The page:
The Tell: The Fed has been buying ETFs. What does it mean?

Federal Reserve Chairman Jerome Powell (L) and Treasury Secretary Steven Mnuchin bump elbows

Tasos Katopodis/Press Pool/AFP/Getty Images

One of the biggest stories of the past year has been massive inflows into bond exchange-traded funds. In a lower-for-longer world, investors are looking for any edge they can find, and some ETFs may offer a bit more yield.

But in addition to that fundamental backdrop, there may be a more straightforward explanation for investor interest in shares of bond funds: the Federal Reserve.

In March, amid the coronavirus selloff, the central bank said it would buy ETFs in order to stabilize the financial system – namely, the bond market. Dave Nadig, an ETF industry veteran now at ETF Trends, set out to analyze the Fed’s footprint in the market.

Read: The Fed is going to buy ETFs. What does it mean?

The Fed may well have achieved its goal better than anyone could have expected, Nadig concluded. That’s because actual Fed purchases of ETFs has been a lot smaller than the overall inflows.

“The Fed did exactly what it wanted to do here — buying just enough on the open market to convince the Street that they would be the buyer of first and last resort, and bringing investors along for the ride,” Nadig wrote.

Here’s how the big numbers break down. There have been flows of $150.1 billion into bond ETFs through August 31 (about $132 billion of that is U.S. funds). As of the end of August, however, the Fed had only bought $8.7 billion worth of such funds.

ETF name Fed holdings Fed % of May-Aug inflows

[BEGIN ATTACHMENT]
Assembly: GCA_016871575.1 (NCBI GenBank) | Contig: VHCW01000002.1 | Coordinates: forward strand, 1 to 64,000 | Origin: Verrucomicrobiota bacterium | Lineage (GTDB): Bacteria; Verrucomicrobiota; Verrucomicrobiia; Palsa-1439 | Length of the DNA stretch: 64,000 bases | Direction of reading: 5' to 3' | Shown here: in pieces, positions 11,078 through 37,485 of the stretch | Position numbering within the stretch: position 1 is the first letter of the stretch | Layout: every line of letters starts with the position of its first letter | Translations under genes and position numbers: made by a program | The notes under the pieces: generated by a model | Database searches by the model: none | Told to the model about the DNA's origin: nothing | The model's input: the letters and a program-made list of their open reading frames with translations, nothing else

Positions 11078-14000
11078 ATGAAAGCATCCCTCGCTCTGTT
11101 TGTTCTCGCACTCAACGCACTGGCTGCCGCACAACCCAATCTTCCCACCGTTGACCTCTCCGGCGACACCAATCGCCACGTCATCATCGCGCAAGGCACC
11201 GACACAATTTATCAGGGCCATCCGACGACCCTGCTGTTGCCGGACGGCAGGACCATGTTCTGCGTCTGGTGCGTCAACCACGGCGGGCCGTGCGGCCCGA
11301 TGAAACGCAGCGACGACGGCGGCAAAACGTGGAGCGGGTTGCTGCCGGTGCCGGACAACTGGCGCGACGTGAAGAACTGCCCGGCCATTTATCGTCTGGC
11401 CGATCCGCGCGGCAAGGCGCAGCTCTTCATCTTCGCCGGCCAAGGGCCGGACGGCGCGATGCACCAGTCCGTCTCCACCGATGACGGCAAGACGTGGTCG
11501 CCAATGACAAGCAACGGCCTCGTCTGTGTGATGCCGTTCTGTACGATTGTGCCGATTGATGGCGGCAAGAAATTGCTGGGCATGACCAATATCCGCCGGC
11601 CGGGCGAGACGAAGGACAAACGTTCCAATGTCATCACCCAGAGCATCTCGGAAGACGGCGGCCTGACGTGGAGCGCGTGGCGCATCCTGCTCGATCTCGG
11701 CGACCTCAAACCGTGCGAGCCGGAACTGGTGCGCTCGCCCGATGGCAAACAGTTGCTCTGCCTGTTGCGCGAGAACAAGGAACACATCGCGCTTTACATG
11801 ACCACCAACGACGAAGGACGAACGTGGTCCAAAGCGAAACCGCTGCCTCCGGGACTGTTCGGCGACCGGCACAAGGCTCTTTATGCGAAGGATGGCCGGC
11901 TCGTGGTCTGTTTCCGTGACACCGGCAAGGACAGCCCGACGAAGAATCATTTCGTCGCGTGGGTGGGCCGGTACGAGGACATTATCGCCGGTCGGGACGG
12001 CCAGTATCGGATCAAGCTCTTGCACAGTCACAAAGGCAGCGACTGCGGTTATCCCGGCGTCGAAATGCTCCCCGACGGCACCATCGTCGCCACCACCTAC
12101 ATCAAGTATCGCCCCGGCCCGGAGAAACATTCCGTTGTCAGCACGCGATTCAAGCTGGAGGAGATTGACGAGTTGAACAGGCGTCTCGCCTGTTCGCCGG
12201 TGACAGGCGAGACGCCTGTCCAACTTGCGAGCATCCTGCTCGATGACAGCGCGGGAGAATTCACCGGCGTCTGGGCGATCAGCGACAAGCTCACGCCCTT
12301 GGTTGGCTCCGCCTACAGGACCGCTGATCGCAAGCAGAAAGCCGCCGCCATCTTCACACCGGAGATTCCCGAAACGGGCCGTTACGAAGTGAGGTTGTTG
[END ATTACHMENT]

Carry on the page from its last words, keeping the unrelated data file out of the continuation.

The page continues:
VanEck Vectors Fallen Angel High Yield Bond ETF ANGL, -0.60%   34 3%
iShares iBoxx $ High Yield Corporate Bond ETF HYG, -0.73% 330 3%
Xtrackers USD High Yield Corporate Bond ETF HYLB, -0.71% 1,791 4%
iShares Intermediate-Term Corporate Bond ETF IGIB, -0.08% 2,916 17%
iShares Short-Term Corporate Bond ETF IGSB, -0.01% 3,908 18%
SPDR Bloomberg Barclays High Yield Bond ETF JNK, -0.74% 2,006 28%
iShares iBoxx $ Investment Grade Corporate Bond ETF LQD, -0.00% 7,932 31%
iShares 0-5 Year High Yield Corporate Bond ETF SHYG, -0.63% 786 4%
SPDR Bloomberg Barclays Short Term High Yield Bond ETF SJNK, -0.55% 77 41%
iShares 0-5 Year Investment Grade Corporate Bond ETF SLQD, -0.07% -86 -51%
SPDR Portfolio Intermediate Term Corporate Bond ETF SPIB, -0.01% 584 83%
SPDR Portfolio Short Term Corporate Bond ETF SPSB, -0.01% 450 63%
iShares Broad USD High Yield Corporate Bond ETFUSHY 535 12%
SPDR Portfolio Short Term Corporate Bond ETF USIG, -0.03% 803 23%
Vanguard Intermediate-Term Corporate Bond ETF VCIT, -0.04% 9,356 15%
Vanguard Short-Term Corporate Bond ETF VCSH, -0.03% 6,785 22%
Source: ETF Trends analysis

Perhaps more important, the Fed didn’t start buying until May, and paused in July. But overall inflows were strong in April, since the Fed had announced its intentions in the prior month. Flows did abate a bit in August, though.

Now that some of the dust has settled since March, the bigger question remains: is it healthy for the central bank to have such an outsize impact on financial markets? That “will have to be settled over the long game,” Nadig wrote. “But short term? You’d have to say mission accomplished.”

Read next: ETFs, born from 1987 market crash, are so far making 2020 less awful

tinyurlis.gdu.nuclck.ruulvis.netshrtco.de